Workers Struggles: The Americas

Latin America

Argentinean oil workers signs accord

After weeks of industrial actions and under threats from Argentina’s Labor Ministry, negotiators for the Argentine Oil, Gas and Biocombustibles Union Federation signed an accord with industry representatives on May 13. The agreement contains a two-stage raise of 24 percent—15 percent this month and 9 percent in October—below the federation’s original demand of 36 percent and also below the rate of inflation. It is one percent less than the original agreement that sparked a conflict between the union leadership and dissidents.

The strike and blockades began in April after union president Héctor Segovia’s acceptance of a 25 percent raise. A dissident faction struck and demanded that Segovia step down. The Labor Ministry suspended the leaders of both factions and imposed binding arbitration. When talks passed the deadline for resolution, the union leadership threatened to strike anew; Labor Minister Carlos Tomada responded that the union would be “susceptible to sanctions” if it did not return to the table. The agreement was signed the next day.

Chilean students and educational workers demonstrate

More than 100,000 students, workers, teachers and academics struck and marched throughout Chile on May 12, demanding an increase in the education budget and rejection of privatization and structural changes to the education department. The actions were endorsed by a number of organizations including the Workers Unitary Center (CUT), the Council of Rectors, the College of Professors, and the National Fiscal Employees Association (ANEF).

The marches were peaceful, but were met with a heavy police presence. In Santiago, where some 50,000 protesters converged, police hemmed in marchers and fired teargas. One student was hit in the eye with a canister and is in critical condition.

Dominican Republic: strike ends after protesters shot dead


At least three people were shot to death and dozens injured during protests in several towns in the north of the Dominican Republic May 10. Twenty-two-year-old student José Aquiles Jones Núñez and Joel Martínez Rosario, 27, were shot in separate incidents related to protests demanding job creation in San Francisco de Marcorís, about 150 miles from the capital Santo Domingo.

The protest was organized by a group called the Broad Front for Popular Struggle (Falpo) to demand that the government provide employment in the area. According to Hoy Digital, Núñez “was impacted by a shot…by hooded subjects while he was being transported in a Caribe Tours enterprise autobus.” Martínez, the brother of a popular bachata singer, “fell struck by a bullet in the mouth…during encounters between police and groups of demonstrators in the San Martín de Porres suburb. This act was attributed to a police patrol.”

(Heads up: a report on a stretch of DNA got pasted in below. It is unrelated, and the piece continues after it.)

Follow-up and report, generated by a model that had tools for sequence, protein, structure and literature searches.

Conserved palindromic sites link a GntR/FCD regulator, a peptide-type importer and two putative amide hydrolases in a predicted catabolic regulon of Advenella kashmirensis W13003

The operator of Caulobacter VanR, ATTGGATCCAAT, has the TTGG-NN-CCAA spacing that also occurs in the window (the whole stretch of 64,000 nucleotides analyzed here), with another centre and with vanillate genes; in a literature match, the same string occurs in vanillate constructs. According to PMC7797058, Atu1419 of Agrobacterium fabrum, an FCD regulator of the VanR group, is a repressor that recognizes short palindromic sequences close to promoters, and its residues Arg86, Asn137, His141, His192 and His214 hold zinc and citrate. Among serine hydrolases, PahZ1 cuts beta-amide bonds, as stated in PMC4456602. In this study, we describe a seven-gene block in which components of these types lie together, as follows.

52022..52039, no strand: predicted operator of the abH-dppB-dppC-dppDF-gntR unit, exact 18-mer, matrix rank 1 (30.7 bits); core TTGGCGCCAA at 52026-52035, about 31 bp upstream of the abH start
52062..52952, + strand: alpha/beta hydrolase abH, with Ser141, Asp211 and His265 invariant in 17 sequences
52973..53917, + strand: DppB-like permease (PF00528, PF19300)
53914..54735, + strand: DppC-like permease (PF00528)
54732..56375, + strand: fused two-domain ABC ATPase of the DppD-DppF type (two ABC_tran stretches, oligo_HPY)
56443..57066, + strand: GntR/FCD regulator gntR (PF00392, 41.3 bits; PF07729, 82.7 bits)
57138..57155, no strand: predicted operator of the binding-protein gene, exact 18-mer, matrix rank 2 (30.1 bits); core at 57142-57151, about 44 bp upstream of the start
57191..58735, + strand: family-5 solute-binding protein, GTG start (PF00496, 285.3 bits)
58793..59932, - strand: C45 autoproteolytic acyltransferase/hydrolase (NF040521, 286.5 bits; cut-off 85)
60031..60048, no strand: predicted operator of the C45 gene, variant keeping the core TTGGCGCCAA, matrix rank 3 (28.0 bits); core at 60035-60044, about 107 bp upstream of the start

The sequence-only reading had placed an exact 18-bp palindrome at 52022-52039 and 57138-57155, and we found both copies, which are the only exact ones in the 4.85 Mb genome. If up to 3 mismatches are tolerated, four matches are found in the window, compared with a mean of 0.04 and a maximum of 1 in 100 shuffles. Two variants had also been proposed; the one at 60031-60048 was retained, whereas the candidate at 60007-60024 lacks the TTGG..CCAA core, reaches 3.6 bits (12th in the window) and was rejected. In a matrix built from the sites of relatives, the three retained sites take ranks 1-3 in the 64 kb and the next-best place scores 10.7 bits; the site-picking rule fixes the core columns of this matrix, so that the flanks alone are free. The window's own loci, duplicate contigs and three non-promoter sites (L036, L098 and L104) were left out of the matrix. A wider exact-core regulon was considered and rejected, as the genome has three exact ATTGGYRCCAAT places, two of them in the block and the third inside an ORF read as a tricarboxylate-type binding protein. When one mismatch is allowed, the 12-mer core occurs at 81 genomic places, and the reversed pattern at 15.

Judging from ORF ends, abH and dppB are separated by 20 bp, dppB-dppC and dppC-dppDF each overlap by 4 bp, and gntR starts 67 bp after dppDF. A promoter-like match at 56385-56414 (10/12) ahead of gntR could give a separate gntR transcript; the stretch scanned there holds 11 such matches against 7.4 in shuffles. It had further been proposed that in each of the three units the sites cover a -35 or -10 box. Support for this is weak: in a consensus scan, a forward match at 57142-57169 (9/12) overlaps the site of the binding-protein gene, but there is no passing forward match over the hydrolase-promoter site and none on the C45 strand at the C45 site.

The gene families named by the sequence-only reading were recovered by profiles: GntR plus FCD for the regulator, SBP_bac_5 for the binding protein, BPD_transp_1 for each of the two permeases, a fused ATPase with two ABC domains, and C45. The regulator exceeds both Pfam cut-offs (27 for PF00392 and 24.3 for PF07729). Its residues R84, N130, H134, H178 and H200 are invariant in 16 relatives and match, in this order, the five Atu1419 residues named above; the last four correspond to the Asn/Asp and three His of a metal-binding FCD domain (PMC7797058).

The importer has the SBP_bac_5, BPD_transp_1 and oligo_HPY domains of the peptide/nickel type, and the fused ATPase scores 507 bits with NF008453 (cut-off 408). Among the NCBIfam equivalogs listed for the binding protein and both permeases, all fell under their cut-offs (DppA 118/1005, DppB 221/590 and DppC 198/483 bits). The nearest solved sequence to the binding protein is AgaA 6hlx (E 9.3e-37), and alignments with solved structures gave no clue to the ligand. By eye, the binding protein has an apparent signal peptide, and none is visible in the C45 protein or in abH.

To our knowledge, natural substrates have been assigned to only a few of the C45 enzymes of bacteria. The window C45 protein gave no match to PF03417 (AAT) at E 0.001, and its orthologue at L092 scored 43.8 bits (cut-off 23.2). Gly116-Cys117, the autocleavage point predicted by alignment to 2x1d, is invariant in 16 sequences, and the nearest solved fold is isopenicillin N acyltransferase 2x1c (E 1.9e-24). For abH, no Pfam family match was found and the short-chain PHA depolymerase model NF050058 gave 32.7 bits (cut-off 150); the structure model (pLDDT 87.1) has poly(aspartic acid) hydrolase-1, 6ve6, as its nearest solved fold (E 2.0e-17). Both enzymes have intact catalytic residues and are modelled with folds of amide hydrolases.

The Latin American Herald Tribune reported one dead in the municipality of Moca. 26-year-old accounting student and Falpo organizer Alfredo Gómez died when a police officer, according to a Falpo spokesman, “without a word fired at the crowd, killing our comrade and wounding four others.” Police spokesman Col. Antonio Pérez claimed that Gómez was shot by another demonstrator.

The strike, which had closed almost 100 percent of businesses and had lasted 48 hours, was called off after the deaths. However, a Falpo spokesman told Hoy Digital that the strikes would continue in some sectors until jailed demonstrators were released. There has been no response by the government to the protesters’ demands.


Eleven teachers join hunger strike in Honduras

On May 10, eleven Honduran teachers joined a hunger strike begun by their colleagues a week earlier to demand the rehiring of 305 teachers laid off due to their participation in demonstrations and strikes over the last few months. The actions involved over 60,000 educators, who were protesting the undermining of their rights, moves toward privatization, nonpayment of overdue salaries and money withheld from the teachers’ retirement fund.

The government reacted to the strikes and demonstrations with violent repression, with police attacking and arresting protesters. President Porfirio Lobos, claiming that the teachers were denying children the right to education, imposed the layoffs.